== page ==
Consider the dramatic significance of Inspector Goole in “An Inspector Calls” by J.B. Priestly, comment on how you would direct an actor playing this role by examining closely one scene of your choice and relating your comments to the play as a whole. In the play “An Inspector Calls” by J.B. Priestly the dramatic significance of a character called Inspector Goole is shown in many ways. In this assignment I will be considering the dramatic significance of the Inspector and I will also be directing an actor playing this role in the first scene.
Inspector Goole is the main character in this play who is investigating into the death of a young girl named Eva Smith. She had committed suicide by drinking some disinfectant. The Inspector mysteriously arrives at a middle class family’s house; the Birlings to question them regarding the case. The family include Mr and Mrs Birling, their children; Eric and Sheila and Sheila’s fiancï¿½ called Gerald. He interrogates all of them and under the pressure they are put under, the truth comes out revealing that each of them has a shameful secret which links them with her death.Order now
At the start of the play the atmosphere is very calm. This is due to the fact that the family are celebrating a special occasion. They are celebrating Sheila’s engagement to Gerald. Everyone is carefree, enjoying some port and chatting away to each other around the dining table. The lighting is “pink and intimate.” This creates a calming feeling. Everything seems normal and nothing is out of the ordinary. It is this though that makes the audience nervous because they are constantly waiting for something dramatic to happen.
Since everything is normal it is surprising when the doorbell rings as the family is not expecting anyone one and even more dramatic when Edna the maid enters and says “Please sir, an Inspectors called.” The time that the Inspector comes in the play is quite significant. This is because he is the main character and he is not even shown until 10 or 15 minutes into the play. For them 10 or 15 minutes tension keeps building up because everyone is waiting for the main character to arrive.
Before Mr. Birling got married he was in a lower social class than his wife. Now the Birlings are in the middle class and are well off. Mrs. Birling accepts the upper class where as Mr. Birling aspires to be a member of the upper class. To Mr. Birling two things are very important; his social status and his business. Gerald Croft and his family are in the upper class. Therefore it is no wonder that the birling family are so enthusiastic about the engagement because it means that they will be moving to a higher class.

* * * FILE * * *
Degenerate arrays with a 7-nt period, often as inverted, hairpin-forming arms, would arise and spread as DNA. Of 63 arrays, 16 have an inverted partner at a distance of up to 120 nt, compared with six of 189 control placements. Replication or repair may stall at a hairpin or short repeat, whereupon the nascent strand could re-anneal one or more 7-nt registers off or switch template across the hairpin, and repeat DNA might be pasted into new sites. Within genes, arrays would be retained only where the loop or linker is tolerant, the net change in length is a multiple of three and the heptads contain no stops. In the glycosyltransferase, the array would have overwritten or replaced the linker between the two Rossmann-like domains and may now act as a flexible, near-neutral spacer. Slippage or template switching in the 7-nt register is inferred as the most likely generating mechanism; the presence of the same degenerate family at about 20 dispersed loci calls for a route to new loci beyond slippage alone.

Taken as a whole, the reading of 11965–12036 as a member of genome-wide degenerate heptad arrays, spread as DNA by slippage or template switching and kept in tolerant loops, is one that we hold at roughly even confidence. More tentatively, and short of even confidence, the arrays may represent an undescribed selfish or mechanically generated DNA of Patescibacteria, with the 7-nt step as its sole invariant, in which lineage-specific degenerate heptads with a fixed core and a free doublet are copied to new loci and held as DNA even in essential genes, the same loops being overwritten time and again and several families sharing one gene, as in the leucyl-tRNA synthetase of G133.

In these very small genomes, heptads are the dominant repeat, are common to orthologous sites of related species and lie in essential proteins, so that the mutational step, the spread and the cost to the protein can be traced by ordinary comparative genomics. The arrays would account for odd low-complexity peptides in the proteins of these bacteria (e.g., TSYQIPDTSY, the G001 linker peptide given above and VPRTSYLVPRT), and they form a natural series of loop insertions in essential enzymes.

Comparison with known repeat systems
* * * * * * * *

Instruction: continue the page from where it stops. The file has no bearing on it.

Another reason why Mr. Birling is so excited is because “Crofts Limited” and his business are rivals. If the marriage goes ahead then the rivalry will be destroyed “Crofts and Birlings are no longer competing but are working together …” Sheila’s engagement to Gerald has both social and economical advantages. It is probably a political marriage but at the start Sheila fails to see this and has her heads in the clouds thinking only about the prospects of love and marriage “Oh Gerald…” It is not only Sheila that is happy but every one at that point in the play has a positive attitude towards life. However by the end most of their attitudes change dramatically as a result of that evenings events.
The Inspector is inferior in class to the Birlings and Gerald. The lower class were usually very worried what the upper class thought of them and whether they were good enough or not. This was not the case for Inspector Goole. In fact it was quite the opposite. He speaks to them normally and not as if though they are superior to him. At first he even speaks to them politely “Thank you Sir.” However as the play progresses he starts to get a bit impatient as the family are not giving him direct answers and shows them no respect showing he is not scared of them.
Mr. Birling gets offended because this behaviour is not expected from a professional Inspector and he says “I don’t like that tone.” This shows that the Inspector does think a great deal for the upper class. When Inspector Goole mentions Eva Smith nobody but Mr. Birling recognizes the name. So the Inspector explains that she was employed at his works at one time. Straight away Mr. Birling starts to look down on her because she was in the working class. Inspector Goole talks about Eva Smith as though she was an important person and not in the working class. This shows that he thinks everyone is equal and there is not a social divide.